Big-ship cruise lines call at the bigger Eastern Caribbean ports, such as San Juan (Puerto Rico), Grand Turk, the Dominican Republic, St. Thomas and St. Maarten/Martin. Smaller and more upscale ships will head for the more intimate Virgin Islands, such as St. John, Tortola, Jost Van Dyke and Virgin Gorda. Most of these islands are beach and water sport destinations, though St. Thomas and St. Martin have a reputation for shopping. San Juan mixes old-city charm with modern restaurants and boutiques.

The Southern Caribbean encompasses a wide range of ports, from ritzy St. Barth’s to volcanic St. Lucia, rugged Dominica, French Martinique and British Barbados. Aruba, Curacao and Bonaire are so far south that they’re out of the main hurricane belt and your fun in the sun will be less likely to be disrupted by seasonal storms.

Caribbean vs. Bahamas beaches and water sports

Divers, snorkelers, kayakers, paddleboarders and straight-up beach bums will find plenty of water-based fun in both the Bahamas and the Caribbean.

(Photo by Stephen Frink/Getty Images)

In every destination, you’ll find a swimming beach within driving, if not walking, distance from the cruise port. Many have coral reefs offshore to thrill snorkelers and divers; the waters of the Caribbean are littered with shipwrecks that will make your underwater adventure extra scenic.

If you’re a novice snorkeler or dedicated sunbather, you’ll be pleased with any Bahamas or Caribbean itinerary you choose. Experienced divers or water sports enthusiasts should research the ports that offer particular water sports experiences, such as windsurfing or advanced-level wreck diving.

Caribbean vs. Bahamas shore excursions and activities

With more ports and itinerary options, it’s not surprising that you have more choices of activities in the Caribbean versus the Bahamas.

If you’re into shopping, Nassau’s Bay Street offers the gamut of retail outlets selling everything from diamonds and high-end brands to rum cake, T-shirts and items woven from straw. The other Bahamian ports aren’t shopping destinations for much beyond souvenirs. In the Caribbean, St. Barth’s is the place for swanky boutiques; French Martinique and St. Martin sell goods from France. St. Thomas is known for its duty-free shopping within easy reach of the port, and San Juan is full of art galleries and boutiques.

Stopping in Belize City or the Mexican ports of Cozumel and Costa Maya is a must for history buffs who want to visit the ruins of ancient Mayan cities. If you prefer forts and military history, look for Caribbean cruises that stop in San Juan, Dominica or Grenada. Bahamas visitors can tour Fort Charlotte in Nassau.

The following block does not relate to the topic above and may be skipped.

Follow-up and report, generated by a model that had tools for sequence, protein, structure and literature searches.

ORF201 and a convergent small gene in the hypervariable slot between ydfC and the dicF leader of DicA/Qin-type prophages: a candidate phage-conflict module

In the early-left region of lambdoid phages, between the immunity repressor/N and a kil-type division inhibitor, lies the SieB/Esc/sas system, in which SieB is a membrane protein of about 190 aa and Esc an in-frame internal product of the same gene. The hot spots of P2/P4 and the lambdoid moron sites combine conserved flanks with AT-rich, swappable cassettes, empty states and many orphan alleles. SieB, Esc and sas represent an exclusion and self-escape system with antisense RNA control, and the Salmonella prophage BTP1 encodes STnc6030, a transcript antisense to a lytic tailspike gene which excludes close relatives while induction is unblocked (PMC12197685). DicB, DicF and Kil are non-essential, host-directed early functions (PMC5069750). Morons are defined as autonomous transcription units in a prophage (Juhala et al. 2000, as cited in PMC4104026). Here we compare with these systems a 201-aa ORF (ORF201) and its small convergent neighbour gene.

St. Lucia, Dominica, St. John and Puerto Rico are tops for hikers. Bonaire has many trails for cyclists; in the Bahamas, private islands Half Moon Cay and Castaway Cay offer bike paths, as well. If you’re looking for river-based activities, you can go cave tubing in Belize and river tubing in Jamaica.

The Boiling Lake Hike in Dominica is a must-try if you get the chance. (Photo by Joseph Thomas Photography/Getty Images)

Wildlife lovers will have more options in the Caribbean than the Bahamas. Book a tour to Gumbalimba Park in Roatan or Lamanai in Belize to see monkeys and macaws, or Puerto Rico’s El Yunque Rainforest to search for coqui (tree frogs). In the Bahamas, your best bet is the zoo at the Ardastra Gardens in Nassau.

You’ll find zip line adventures, 4x4 tours and culinary experiences throughout the Bahamas and Caribbean.

Bottom Line

When comparing the Caribbean and the Bahamas for your next cruise, you will be happy with either choice for a relaxing beach vacation. If you have specific travel goals, such as wildlife viewing or visiting historic sites, the Caribbean will offer the widest variety of activities, but you’ll still need to pick the right ports.

Some travelers will find that departure port and cruise length are the most important considerations; if you need a drive-to home port or a four-night sailing, you won’t have the same variety of itinerary choices as cruisers who can take a weeklong vacation and fly to their ship.

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Featured image by Getty Images/EyeEm
Editorial disclaimer: Opinions expressed here are the author’s alone, not those of any bank, credit card issuer, airline or hotel chain, and have not been reviewed, approved or otherwise endorsed by any of these entities.